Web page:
he the bride and the other the Queen of Heaven. And the Queen would always bless the bride and promise to show her the way to untold riches of peace and beauty and love. Always love. The promise of love filled their hearts while the sky burned with bombs and they spent their nights with the rats hiding underground waiting for the building to collapse and become their tomb.

Mama ...Ma...Ma." Her daughter's voice called her back. She went in to her, and put down the side of the crib.

Good morning, Annette," she crooned, holding the little girl close. "It will be a pretty day. The sun is shining."

Annette snuggled in her arms a moment, then struggled to get down. Maria let her go, cautioning, "Go down on your bottom." And they bumped down the steep steps like beach balls bouncing down to the sea.

In the kitchen Annette climbed into her father's lap.

"And how is my little girl?" he asked, hugging her, then tickling her until she laughed with delight.

Maria started to warm the bottle again.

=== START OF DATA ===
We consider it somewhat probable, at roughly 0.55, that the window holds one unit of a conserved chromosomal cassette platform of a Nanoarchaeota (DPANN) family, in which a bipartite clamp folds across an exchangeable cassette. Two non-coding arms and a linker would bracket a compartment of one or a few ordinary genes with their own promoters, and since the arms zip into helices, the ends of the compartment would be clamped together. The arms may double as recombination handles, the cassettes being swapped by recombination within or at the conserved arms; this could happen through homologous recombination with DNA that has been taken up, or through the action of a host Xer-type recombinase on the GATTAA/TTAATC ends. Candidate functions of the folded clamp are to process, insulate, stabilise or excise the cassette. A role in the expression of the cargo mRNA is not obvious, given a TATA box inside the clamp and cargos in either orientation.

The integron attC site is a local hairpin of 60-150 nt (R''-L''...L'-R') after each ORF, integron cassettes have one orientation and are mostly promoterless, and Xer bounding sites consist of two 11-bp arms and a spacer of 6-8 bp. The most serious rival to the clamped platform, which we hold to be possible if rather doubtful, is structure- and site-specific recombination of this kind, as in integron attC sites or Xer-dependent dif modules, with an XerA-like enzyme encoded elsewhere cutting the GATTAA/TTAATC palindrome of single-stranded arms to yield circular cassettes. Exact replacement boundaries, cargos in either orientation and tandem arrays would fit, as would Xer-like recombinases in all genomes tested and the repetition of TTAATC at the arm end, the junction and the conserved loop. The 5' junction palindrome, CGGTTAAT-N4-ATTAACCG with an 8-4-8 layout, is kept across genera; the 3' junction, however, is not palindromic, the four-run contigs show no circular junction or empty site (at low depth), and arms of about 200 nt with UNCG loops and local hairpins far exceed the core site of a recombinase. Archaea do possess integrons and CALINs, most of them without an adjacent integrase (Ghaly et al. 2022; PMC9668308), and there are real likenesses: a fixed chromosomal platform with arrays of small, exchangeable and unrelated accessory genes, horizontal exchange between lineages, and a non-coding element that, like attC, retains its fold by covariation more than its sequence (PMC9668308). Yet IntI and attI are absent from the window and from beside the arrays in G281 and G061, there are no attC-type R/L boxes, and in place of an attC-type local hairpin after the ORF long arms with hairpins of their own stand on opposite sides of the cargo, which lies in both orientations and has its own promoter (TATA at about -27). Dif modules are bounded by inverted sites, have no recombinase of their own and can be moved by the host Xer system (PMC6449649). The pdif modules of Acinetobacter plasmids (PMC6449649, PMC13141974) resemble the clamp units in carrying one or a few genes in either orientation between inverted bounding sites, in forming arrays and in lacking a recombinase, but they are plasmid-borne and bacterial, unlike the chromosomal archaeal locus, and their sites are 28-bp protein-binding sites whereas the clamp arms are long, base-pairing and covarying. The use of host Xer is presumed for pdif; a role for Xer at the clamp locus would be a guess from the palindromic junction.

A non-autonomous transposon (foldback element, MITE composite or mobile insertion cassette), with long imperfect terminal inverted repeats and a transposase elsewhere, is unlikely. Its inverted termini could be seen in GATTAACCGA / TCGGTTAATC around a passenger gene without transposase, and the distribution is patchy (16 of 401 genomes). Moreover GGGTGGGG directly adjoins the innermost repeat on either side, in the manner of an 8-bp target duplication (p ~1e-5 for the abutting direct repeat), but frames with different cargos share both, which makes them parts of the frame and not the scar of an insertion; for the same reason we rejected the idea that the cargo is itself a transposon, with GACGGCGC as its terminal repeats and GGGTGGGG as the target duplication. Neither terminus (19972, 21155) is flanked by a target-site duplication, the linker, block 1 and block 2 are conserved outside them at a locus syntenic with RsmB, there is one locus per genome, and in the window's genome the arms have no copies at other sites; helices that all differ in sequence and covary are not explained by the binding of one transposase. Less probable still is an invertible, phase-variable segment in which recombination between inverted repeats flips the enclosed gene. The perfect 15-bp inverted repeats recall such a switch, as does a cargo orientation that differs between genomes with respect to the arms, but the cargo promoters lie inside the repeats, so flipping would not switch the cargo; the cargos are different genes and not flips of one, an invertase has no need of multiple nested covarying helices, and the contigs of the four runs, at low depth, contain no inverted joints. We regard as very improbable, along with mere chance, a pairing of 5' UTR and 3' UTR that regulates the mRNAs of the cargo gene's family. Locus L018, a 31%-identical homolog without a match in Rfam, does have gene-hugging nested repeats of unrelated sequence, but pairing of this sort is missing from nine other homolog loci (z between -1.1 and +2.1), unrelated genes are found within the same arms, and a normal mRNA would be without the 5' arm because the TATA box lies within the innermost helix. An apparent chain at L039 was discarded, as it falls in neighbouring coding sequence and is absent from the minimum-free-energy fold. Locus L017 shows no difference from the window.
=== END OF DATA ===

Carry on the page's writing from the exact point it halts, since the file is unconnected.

"She's old enough to drink from a cup," Joseph said.

"She is still little. She will grow up soon enough."

Joseph put his daughter in her high chair. "I need to go." He kissed them both,

Outside the bustle of the day was starting up. The buzz of traffic drowned the bird song. Another train rumbled past. The heavy chunk-chunk of the machinery in the tool and die factory next door fell into a rhythm of its own. Across the street the morning shift of workers had already taken up their places. In the little row of houses forgotten along the edge of the industrial district, Maria's was the last, nearest

the railroad tracks, and already most of her neighbors had left for work. Mrs. Earl next door worked for the railroad company. She left earlier than Joseph and when she came home she usually took a nap and then made supper. She had a daughter Maria's age and two older sons, and of course, her husband, Mr. Earl, who did odd jobs. In the apartment house one door over lived Mr. Boardman and his five year old son, Skippy. Maria didn't know who lived in the big gray house and she had only met Mrs. Lacey who lived in the little clapboard house with the iris once on her way to the store. Her son, who lived with her, had lost his hand in the war when his platoon had stormed a German hunker.

Annette pushed her bowl of cereal over the edge of her high chair and laughed gleefully as the oatmeal splatted on the floor.

"Annette!" Maria jumped up. "Naughty! Now what will you eat? Do you think I will make another bowl of cereal for you to throw on the floor?" She wiped up the floor and then the baby's hands and mouth.